The very fact that this country is so heavily focused on education, that it has set out concrete benchmarks—such as a target rate of 60% enrolment in post-secondary education and universal early childhood education by 2015—is an indication of the future success of Trinidad and Tobago. Education, in any country, is a vital part of economic growth, job creation, competitiveness, and especially innovation.
Let me return to my own pillar of learning and innovation, both of which work in concert to build communities and countries.
As I said before, we cannot overstate the importance of education in our society. Trinidad and Tobago understands this and has worked hard, using innovative ideas and programs, to overcome obstacles to access to education. “Education for all” is a mantra that I have heard here. These three words mean everything to a young man or woman who dreams of building a better tomorrow.
GATE is one such program that recognizes the importance of postsecondary education. By providing opportunities for everyone to go to school, to learn, you are strengthening society.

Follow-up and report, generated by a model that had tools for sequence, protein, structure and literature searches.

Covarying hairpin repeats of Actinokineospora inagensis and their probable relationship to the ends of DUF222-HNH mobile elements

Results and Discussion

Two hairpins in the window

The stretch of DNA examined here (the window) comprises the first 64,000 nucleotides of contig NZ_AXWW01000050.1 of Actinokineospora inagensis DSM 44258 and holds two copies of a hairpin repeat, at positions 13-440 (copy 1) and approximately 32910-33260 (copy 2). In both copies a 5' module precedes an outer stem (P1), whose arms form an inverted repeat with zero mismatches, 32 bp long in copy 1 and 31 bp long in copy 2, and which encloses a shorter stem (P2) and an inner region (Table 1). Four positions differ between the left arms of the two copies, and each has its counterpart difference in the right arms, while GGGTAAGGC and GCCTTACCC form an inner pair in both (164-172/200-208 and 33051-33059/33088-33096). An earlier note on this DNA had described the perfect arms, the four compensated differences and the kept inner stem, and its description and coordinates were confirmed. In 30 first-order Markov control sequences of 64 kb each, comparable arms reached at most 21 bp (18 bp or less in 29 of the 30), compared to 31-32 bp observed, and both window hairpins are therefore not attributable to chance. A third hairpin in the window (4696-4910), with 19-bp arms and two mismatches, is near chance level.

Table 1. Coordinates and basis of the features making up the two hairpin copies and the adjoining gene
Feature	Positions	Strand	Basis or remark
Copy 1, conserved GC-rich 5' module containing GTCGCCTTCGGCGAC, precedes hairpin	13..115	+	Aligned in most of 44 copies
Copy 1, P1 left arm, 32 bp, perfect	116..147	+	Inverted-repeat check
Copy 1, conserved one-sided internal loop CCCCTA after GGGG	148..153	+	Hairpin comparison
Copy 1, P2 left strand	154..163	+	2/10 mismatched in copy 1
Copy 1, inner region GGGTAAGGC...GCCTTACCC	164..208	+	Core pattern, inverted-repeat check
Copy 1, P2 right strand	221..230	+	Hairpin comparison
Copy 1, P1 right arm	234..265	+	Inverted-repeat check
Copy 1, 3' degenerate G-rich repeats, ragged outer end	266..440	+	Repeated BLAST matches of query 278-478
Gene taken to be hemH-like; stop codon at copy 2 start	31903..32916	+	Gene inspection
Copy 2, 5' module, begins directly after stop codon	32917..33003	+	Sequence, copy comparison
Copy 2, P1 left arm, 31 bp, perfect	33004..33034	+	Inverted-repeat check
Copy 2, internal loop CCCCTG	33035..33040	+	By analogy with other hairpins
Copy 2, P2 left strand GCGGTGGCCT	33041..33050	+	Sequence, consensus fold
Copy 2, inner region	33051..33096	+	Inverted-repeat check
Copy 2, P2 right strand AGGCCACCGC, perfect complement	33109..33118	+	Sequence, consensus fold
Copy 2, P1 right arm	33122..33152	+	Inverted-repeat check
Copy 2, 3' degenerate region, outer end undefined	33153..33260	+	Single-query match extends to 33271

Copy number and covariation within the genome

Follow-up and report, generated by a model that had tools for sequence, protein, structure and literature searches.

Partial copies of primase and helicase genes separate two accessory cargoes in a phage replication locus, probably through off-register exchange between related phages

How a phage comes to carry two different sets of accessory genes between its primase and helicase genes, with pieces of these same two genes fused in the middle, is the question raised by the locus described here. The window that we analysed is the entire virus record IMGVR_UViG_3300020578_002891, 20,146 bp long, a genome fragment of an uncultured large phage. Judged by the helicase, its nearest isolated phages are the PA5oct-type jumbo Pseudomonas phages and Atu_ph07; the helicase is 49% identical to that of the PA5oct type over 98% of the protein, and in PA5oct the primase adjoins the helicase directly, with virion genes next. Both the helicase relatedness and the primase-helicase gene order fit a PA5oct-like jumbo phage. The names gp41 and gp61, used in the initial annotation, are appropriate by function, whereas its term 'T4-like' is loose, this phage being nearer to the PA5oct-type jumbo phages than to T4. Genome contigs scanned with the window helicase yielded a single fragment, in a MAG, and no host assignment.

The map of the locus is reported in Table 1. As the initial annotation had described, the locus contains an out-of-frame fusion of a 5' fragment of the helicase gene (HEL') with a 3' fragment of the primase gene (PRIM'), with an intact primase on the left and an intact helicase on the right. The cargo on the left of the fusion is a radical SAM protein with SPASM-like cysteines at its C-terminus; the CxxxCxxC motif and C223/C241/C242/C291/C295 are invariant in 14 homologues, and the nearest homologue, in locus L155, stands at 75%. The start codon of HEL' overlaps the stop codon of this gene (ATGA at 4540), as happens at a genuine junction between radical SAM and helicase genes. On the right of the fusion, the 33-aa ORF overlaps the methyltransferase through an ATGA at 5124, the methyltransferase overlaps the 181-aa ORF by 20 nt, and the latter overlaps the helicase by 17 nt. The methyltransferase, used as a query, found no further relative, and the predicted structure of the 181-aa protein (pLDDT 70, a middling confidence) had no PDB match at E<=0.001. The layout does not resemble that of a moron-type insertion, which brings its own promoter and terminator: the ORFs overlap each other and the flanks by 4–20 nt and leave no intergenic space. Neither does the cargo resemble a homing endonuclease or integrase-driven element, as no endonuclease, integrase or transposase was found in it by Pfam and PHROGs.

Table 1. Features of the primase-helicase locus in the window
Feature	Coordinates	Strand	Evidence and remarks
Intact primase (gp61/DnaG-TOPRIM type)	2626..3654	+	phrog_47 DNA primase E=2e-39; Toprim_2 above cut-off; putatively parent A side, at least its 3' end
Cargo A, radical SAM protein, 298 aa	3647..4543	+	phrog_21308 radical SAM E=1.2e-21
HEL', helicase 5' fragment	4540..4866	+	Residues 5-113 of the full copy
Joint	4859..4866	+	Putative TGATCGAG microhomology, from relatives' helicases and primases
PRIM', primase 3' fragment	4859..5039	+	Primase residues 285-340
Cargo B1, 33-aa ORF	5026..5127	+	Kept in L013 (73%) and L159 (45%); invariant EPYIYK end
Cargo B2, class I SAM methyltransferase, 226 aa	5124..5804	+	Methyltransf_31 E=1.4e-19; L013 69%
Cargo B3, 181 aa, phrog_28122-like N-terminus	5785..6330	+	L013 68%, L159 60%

It is an innovative idea that presents challenges in measuring the return on the investment. Yet, its originality and its focus cannot be disputed. I will leave the discussion of the program’s effectiveness to others, but let me just say that this is the sort of thinking that shows Trinidad and Tobago’s interest in creating a knowledge society and a learning culture and that will lead the country into the future.
This is why I hope to encourage further ties between our two countries, ties that can begin right here. Although enrollment of Trinidadians in postsecondary institutions outside of this country has gone down, there are still remarkable opportunities for students to gain international experience and bring that home. Canada especially has many exciting options for study, and some of those institutions have ties to this very university.
Just last week, I addressed the Conference of the Americas on International Education in Brazil to speak about the great opportunities available in Canada and the importance of studying abroad.
I myself was an international student. My experiences in the United States and England helped me to grow as a person and to gain a global perspective that has served me throughout my life.